Being bullied SHRINKS the brain leading to higher risk of anxiety
Being bullied permanently SHRINKS part of the brain ‘which raises the risk of developing anxiety later in life’
- Study of over 600 youngsters found those that were bullied had smaller brains
- This could alter learning, emotional processing and motivation, experts said
- It’s the first time a biological reason has been found to link bullying and anxiety
Being bullied could shrink the brain and lead to heightened risk of anxiety, a study has found.
Scientists claim it is the first time they have found changes in the size of the brain of victims of chronic bullying, compared to those who were not bullied.
These changes, the researchers said, can impact a person’s behaviours including emotional processing, motivation, learning and attention later in life.
One in five children has been, or is being, bullied, according to statistics from the National Bullying Prevention Center in the US.
Surveys in the UK have shown half of primary school pupils and one in 10 secondary school pupils in England experience daily bullying.
Being bullied could shrink the brain, leading to heightened risk of anxiety, a study has found
Psychologists at King’s College London conducted the study by analysing brain scans of more than 682 young people from across Europe.
The team, led by Dr Erin Burke Quinlan, used questionnaires to assess the mental health of the participants, who were aged between 14 and 19.
More than 30 of the youngsters had been chronically bullied, and their brain scans were compared with those who had not been bullied.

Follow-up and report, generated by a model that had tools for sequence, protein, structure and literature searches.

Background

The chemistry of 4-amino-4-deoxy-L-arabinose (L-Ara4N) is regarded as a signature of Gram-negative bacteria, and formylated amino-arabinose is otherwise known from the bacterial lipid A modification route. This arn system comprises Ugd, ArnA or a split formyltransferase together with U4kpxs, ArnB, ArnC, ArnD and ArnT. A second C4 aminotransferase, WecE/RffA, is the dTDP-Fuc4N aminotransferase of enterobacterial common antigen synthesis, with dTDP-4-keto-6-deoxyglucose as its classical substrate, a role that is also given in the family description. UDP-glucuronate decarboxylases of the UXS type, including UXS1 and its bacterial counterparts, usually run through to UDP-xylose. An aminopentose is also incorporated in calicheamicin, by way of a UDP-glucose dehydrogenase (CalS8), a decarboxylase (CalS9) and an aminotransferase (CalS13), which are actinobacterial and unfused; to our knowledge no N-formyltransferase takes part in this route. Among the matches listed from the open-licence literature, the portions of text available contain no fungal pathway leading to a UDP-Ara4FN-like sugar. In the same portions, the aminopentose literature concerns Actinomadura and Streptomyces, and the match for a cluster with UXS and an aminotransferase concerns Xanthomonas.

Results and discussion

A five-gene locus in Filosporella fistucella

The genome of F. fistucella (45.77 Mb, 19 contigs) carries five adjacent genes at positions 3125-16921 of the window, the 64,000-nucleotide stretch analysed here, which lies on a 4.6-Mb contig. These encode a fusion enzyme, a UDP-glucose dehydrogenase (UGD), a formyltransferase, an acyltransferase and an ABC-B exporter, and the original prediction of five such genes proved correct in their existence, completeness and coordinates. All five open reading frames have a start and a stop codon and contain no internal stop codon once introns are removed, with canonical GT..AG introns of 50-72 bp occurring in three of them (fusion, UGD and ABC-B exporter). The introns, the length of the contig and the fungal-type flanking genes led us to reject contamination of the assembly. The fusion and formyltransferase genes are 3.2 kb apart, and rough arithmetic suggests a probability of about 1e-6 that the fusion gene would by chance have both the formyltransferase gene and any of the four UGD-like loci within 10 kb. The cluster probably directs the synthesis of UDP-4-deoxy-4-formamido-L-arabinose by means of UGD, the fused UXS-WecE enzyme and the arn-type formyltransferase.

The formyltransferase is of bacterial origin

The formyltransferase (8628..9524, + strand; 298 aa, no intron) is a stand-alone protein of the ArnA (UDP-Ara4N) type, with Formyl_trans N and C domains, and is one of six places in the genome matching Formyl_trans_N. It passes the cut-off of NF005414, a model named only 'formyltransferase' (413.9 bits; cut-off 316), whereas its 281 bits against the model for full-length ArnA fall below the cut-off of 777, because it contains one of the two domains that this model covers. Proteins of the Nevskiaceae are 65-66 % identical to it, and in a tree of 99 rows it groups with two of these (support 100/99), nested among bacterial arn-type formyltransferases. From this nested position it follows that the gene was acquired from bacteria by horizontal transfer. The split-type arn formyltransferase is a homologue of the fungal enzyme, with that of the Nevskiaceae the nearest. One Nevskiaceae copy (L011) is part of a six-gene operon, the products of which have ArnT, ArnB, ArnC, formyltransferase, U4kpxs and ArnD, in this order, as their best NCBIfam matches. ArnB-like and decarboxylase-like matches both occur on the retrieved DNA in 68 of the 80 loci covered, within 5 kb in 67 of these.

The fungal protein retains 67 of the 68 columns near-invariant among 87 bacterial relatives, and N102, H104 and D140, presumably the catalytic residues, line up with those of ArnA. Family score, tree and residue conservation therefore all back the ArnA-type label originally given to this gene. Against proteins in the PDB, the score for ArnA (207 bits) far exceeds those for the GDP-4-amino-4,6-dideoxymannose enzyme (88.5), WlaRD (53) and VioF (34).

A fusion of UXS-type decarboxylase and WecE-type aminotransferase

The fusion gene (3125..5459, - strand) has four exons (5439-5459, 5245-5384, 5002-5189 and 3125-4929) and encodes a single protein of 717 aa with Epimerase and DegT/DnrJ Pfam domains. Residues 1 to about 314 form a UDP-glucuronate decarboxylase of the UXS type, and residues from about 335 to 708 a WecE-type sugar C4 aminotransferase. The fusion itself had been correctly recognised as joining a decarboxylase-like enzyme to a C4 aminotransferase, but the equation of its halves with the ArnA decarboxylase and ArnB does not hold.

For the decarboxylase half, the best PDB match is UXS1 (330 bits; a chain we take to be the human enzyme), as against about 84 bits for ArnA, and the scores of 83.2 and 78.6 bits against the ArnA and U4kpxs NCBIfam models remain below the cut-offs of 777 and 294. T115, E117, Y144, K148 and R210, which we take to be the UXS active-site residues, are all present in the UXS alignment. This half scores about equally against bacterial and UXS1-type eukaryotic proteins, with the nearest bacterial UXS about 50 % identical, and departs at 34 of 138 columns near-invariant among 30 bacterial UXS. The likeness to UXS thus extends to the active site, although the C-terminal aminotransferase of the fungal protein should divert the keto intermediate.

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Bullying was linked to shrinking of brain size and a higher risk of anxiety at age 19, the findings, published in Molecular Psychiatry, show.
The parts of the brain affected are called the caudate and putamen.
The caudate plays a crucial role in how the brain learns, storing memories and using them to influence actions and decisions taken in the future.
The putamen, closely linked with the caudate, is involved with movements and learning. Alterations of the activity of the putamen have been associated with worse cognitive performance.
Previous studies have found a link between bullying and mental health issues, but these findings shed light on specifically why.
The authors said: ‘Importantly, these findings were unique to peer victimization and not other types of stress or comorbid depression.
‘Together, these results are, to our knowledge, the first to identify a possible mechanism by which adolescent peer victimization impacts the development of anxiety in young adults.’
Dr Burke Quinlan said: ‘Although not classically considered relevant to anxiety, the importance of structural changes in the putamen and caudate to the development of anxiety most likely lies in their contribution to related behaviors such as reward sensitivity, motivation, conditioning, attention, and emotional processing.’
People who are bullied are two to three times more likely to develop an anxiety disorder, the authors said, highlighting the importance of prevention.
Previously research has found links between bullying and a higher risk of mental health problems during childhood, such as depression and an increased risk for suicide.
WHAT ARE THE EIGHT DIFFERENT WAYS PEOPLE CAN BE CYBER BULLIED?
According to Dr Larisa McLoughlin, a researcher at the University of the Sunshine Coast in Australia, cyber bullying can include both overt (name calling, mocking, shaming) or covert (exclusion, isolation) aspects.
Cyberbullying can involve written-verbal behaviors such as phone calls, text messages and comments on social media.
Eight examples of cyberbullying involve:
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